I picked up Steve Forbes’ Freedom Manifesto in the library today, figuring I would dusagree with at least some of it. In that respect I wasn’t disappointed. What I’m getting REALLY tired of is the stereotypes and false dualisms that pass for political discussion these days. I’ve read little beyond the introduction so far, but there are already a whole list of things obviously slanted.
Here are a whole series of Is It Fair Questions: “Is it fair… that taxpaying citizens, struggling to stay afloat, are forced to pay higher prices for gasoline, electricity and food because of politically driven Big Government policies–from bans on energy production and development to monetary policies that dilute the value of the dollar? Or that they have to pay for lavish salaries and pensions for government workers who retire in their fifties?”
Let’s answer this one by asking if it’s fair that we’re runing out of petroleum, coal and nautural gas? That isn’t a question of fairness, but a fact. You may or may not believe in global warming; you don’t have to in order to be aware of pollution and its detrimental effect on human beings. Which is why we need to develop clean energy instead of sticking with old-fashioned energy sources, important as they may be in the short run. And is paying the pensions of government workers worse than paying CEOs of big companies hugely inflated salaries? Not in my opinion. If Mr. Forbes would like his salary lowered, that would be perfectly fine with me.
“Is it fair that politically appointed bureaucrats in an unaccountable federal agency can attempt to stop airline manufacturer Boenig from opening a new plant that would create desperately needed jobs in South Carolina?” Is it fair for Boeing to take jobs away from people in Washington state? That makes capitalism look like a zero-sum game. Boeing may not like unions (the ostensible reason for the move to South Carolina), but why should anyone like unaccountable overpaid CEOs?
The next question is whether it’s fair that the only solution to the budget problems for liberals is taxing the wealthy? Thanks to conservatives, that’s not the only suggestion out there. Conservatives like to focus on cutting the safety net (which wouldn’t adversely affect most of them) instead of the bloated military. Is it fair for conservatives to insist on cutting only the spending THEY don’t like? If they were serious, wouldn’t they want to cut spending across the board?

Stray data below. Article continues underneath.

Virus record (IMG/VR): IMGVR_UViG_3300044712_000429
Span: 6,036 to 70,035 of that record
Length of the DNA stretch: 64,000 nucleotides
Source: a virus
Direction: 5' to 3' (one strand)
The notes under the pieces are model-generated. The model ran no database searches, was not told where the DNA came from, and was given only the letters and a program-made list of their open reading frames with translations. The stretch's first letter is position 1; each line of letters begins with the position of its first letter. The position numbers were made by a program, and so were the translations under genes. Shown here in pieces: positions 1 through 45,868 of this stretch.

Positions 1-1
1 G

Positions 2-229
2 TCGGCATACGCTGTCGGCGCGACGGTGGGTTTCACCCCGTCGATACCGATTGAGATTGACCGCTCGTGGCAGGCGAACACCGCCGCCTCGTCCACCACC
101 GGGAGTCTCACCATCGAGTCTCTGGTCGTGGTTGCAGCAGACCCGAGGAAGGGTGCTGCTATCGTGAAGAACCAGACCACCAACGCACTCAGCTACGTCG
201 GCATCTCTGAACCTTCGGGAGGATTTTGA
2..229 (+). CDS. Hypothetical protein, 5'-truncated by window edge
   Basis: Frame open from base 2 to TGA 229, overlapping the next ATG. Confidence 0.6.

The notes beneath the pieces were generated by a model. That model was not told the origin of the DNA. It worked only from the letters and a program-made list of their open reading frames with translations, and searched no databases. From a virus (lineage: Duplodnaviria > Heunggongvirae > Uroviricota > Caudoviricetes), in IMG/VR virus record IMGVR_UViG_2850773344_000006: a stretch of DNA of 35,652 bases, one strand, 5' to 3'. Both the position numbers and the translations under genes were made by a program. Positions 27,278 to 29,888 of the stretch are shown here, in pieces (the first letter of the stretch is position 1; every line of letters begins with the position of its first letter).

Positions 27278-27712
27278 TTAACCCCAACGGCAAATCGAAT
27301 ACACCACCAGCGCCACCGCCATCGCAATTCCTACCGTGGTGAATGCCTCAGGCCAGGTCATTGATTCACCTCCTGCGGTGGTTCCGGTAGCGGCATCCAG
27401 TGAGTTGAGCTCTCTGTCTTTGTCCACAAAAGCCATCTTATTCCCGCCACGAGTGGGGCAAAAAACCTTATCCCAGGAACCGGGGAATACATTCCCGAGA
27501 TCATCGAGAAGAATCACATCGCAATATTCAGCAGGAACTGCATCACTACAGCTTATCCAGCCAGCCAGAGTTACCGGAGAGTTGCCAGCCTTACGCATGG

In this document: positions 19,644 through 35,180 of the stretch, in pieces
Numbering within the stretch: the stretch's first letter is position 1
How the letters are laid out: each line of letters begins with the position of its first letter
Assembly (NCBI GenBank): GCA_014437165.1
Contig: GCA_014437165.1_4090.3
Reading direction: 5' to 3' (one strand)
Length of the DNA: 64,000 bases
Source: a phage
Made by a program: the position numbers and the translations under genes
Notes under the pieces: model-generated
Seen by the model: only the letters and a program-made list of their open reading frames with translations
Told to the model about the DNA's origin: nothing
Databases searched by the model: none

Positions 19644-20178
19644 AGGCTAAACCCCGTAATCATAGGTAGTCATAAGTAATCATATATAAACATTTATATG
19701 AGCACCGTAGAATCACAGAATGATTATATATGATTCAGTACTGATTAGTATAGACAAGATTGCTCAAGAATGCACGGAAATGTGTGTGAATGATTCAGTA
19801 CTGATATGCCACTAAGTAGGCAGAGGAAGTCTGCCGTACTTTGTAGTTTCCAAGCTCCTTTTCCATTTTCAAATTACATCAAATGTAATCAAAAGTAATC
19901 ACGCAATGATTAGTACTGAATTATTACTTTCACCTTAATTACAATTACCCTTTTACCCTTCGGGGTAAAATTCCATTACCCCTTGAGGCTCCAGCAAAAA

Then there’s the question of taxes, which almost 50% of the country doesn’t pay. Answer this one with, is it fair that capitalists export jobs, don’t create well-paid ones, then blame the people who DON’T create jobs for being unable to pay taxes?
Then the debt, which is all Big Government’s fault. We can get a bit more specific than that. There was a president who started two wars without raising taxes to pay for them, and borrowing the money from China. That the current president has continued those policies (he HAS tried to finally stop the wars) isn’t to his credit.
Then Forbes speaks of how Steve Jobs captured the American imagination. Certainly Jobs had an inspiring story, and accomplished a great deal. One thing Forbes doesn’t mention, though, are the Apple plants in China, where workers were forced to live in dormitories, work overly long hours doing repetitive motions that caused many to lose the use of their hands, and where suicide rates are or were high. Is that the sort of envirionment anyone wants to work in? As Forbes admists, Jobs wasn’t perfect; it’s interesting that the factories in China closely resemble Karl Marx’s predictions of how capitalists would behave. Granted, he generated jobs, and without government stimulus money. But what kind of jobs? And where?
Forbes mentions the “stagflation” of the 1970s and attributes it to Big Governemt. Really? Rising oil prices had nothing to do with it?